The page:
Tue 18 Jun 2013 Updated 9 mins ago
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Aegon Championships 2013: Andy Murray goes from misanthrope to crowd's darling
By Oliver Brown, Queen’s Club12:01AM BST 17 Jun 2013
Suddenly we could herald a seminal moment in the humanising of Andy Murray.
As he conveyed with quavering emotion the cancer ordeal of Ross Hutchins, all the while absorbing the afterglow of his third Queen’s Club triumph, he transformed in front of our eyes from the surly tartan misanthrope to the model of compassionate benevolence, even blowing a kiss to his confrere in the crowd.
Hutchins responded in kind, embracing Murray with a palpable warmth as the Scot walked off Centre Court, ready to return for a charity hit-and-giggle against coach Ivan Lendl on his close friend’s behalf.
He even implored the 7,000-strong crowd to stay for the gentle japes that ensued in the soft summer haze. Tellingly, almost all of them did.
Murray has been struggling to beguile a dubious British public for the best part of a decade but at last, three Sundays before what could bring his maiden Wimbledon coronation, a connection between actor and audience was forged.
Call it the Sue Barker effect. The ever-empathetic matron of our screens had also elicited Murray's tears after his vanquishing by Roger Federer in the Wimbledon final, when he took her microphone to say, voice rising several octaves on the last syllable: “Right, I’m going to try this, but it’s not going to be easy.”
Something about the sight of Barker’s blonde tresses bouncing onto court is guaranteed to reduce him to helpless soppiness.
By dusk, it felt almost like Murray tribute day in West Kensington. The ladies purred indulgently over his touching victory speech, following this 2½-hour dismantling of Marin Cilic, while mother Judy marked the all-star charity match by trilling on Twitter about the physique of Tomas Berdych.
Even the eclectic assortment of star guests, from Boris Johnson, the Mayor of London, to preening comedian Michael McIntyre, behaved with puppyish enthusiasm in the company of the triple Queen’s champion.
It helped that Murray, fresh from his dispatch of Cilic, faced off in the celebrity exhibition match with Tim Henman, still adored in this postcode for his three final appearances and, of course, his impeccable Oxfordshire breeding.
Murray has fought his entire career to claim even a fraction of the upper middle-class hysteria once accorded to Henman but, as the fans cheered an announcement last night that he would be handing his tournament winnings to the Royal Marsden hospital, that acclaim seemed to be his due.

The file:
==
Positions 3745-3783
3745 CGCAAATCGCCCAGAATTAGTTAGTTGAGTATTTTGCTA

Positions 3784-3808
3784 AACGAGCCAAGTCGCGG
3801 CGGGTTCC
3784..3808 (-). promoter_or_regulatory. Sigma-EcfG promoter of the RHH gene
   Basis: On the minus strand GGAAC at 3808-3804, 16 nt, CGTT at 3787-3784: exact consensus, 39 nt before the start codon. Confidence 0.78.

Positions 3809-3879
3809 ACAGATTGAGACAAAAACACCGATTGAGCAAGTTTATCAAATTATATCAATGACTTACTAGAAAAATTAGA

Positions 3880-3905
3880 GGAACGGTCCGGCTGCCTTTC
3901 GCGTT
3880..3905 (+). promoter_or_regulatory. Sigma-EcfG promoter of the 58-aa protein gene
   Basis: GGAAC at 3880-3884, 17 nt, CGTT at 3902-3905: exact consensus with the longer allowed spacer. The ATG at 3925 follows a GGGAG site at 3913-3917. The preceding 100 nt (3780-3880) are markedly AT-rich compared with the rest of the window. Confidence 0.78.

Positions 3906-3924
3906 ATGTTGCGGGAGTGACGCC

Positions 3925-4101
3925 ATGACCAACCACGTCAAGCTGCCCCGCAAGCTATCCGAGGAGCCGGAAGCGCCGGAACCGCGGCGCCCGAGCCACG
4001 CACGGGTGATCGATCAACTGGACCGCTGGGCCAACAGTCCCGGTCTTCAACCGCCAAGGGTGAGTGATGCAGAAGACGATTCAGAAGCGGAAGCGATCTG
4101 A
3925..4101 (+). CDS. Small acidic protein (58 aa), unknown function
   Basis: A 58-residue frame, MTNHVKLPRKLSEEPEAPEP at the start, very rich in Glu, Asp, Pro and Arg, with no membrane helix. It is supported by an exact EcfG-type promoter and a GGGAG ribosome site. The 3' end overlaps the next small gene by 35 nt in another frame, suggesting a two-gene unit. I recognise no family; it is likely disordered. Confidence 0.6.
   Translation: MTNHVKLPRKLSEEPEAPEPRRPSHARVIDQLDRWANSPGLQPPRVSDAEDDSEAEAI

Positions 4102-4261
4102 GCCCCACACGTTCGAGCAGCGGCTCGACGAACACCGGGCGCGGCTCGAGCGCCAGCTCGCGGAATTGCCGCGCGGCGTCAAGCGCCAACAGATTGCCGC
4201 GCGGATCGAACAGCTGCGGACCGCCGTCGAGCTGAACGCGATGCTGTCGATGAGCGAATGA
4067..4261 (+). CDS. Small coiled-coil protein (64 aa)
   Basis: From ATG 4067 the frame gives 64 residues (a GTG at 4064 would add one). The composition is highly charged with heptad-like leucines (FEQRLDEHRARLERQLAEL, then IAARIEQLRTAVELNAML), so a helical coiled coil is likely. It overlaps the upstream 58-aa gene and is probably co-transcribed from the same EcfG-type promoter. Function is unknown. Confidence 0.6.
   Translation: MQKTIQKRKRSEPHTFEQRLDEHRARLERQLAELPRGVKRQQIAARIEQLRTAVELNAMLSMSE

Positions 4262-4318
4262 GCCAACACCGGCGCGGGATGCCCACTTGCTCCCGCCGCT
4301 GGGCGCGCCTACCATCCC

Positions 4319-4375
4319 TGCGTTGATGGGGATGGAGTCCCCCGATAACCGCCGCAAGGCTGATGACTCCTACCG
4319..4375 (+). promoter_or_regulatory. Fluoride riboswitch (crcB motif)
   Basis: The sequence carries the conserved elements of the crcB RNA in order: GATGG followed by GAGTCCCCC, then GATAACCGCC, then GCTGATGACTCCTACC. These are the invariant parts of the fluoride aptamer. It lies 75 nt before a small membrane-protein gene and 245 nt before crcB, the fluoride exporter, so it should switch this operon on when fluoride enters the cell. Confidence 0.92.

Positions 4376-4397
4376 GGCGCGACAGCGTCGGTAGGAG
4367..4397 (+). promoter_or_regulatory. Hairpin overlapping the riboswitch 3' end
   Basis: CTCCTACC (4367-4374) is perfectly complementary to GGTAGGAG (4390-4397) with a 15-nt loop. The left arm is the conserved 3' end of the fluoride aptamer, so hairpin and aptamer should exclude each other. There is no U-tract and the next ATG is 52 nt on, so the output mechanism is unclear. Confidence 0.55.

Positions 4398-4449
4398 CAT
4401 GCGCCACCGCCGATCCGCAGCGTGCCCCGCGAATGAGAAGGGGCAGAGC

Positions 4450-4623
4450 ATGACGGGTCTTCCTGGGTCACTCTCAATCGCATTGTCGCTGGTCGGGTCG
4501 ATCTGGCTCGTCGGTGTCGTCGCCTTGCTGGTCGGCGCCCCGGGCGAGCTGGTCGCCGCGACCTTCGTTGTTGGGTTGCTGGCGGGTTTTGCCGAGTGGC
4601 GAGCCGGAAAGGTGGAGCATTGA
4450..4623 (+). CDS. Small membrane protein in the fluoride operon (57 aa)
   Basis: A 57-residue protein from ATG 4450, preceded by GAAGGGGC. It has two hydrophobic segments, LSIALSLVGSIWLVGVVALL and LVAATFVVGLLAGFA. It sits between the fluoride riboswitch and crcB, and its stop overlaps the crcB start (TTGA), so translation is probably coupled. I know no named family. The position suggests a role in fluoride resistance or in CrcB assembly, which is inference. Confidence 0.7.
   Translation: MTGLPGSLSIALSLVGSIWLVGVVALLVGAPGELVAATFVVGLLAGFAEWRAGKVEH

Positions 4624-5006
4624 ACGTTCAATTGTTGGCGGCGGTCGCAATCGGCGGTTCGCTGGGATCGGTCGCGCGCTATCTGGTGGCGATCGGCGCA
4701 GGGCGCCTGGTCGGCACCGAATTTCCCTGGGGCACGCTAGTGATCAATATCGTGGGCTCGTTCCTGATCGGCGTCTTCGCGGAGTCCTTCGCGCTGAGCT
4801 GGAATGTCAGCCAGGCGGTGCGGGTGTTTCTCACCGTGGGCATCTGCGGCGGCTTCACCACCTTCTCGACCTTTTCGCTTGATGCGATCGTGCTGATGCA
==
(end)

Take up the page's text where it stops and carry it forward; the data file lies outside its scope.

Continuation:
The match itself offered a more nuanced picture. As befitted a Wimbledon dress rehearsal, this was our chance to see Murray in all his disparate guises, from grass court artist to raging hypochondriac.
Ultimately, his subduing of Cilic was straightforward enough as the superlative quality of his first serve and backhand drives began to tell. But the narrative, peppered with strange drama, was quintessential Murray.
Gasps resounded the arena when, with a yelp of anguish late in the first set, he fell to the ground in the fetal position. Had he suffered a groin injury? Had his back, only just nursed back to health, given way? Was his Wimbledon over before it even began? As it transpired, none of the above. With a few winces and a little ginger stretching he was at full-bore again, forcing Cilic from one side of the court from the other.
There was the odd tantrum, but his former detractors were content to forgive a Grand Slam champion such lapses. Match point duly sealed, he turned to the galleries with a luminous smile. He once identified his favourite stage as the US Open, prizing the raucousness of Arthur Ashe Stadium above the garden party refinement of SW19, but Murray looked curiously at ease here among the gin-and-Jag set.
His heartfelt words for Hutchins, whom he described as “so brave”, cemented the bond. Murray said famously of Federer in Australia in 2010: “I can cry like Roger, it’s a pity I can’t play like him, too.”
Now that he can do both, the affection flowing from his home support towards the world No.2 is in full spate.
At 25, Murray can still be a character of many brittle edges but on this day, perhaps, Britain finally learnt to love his more tender, lachrymose side.http://www.telegraph.co.uk/sport/tennis/andymurray/10124049/Aegon-Championships-2013-Andy-Murray-goes-from-misanthrope-to-crowds-darling.html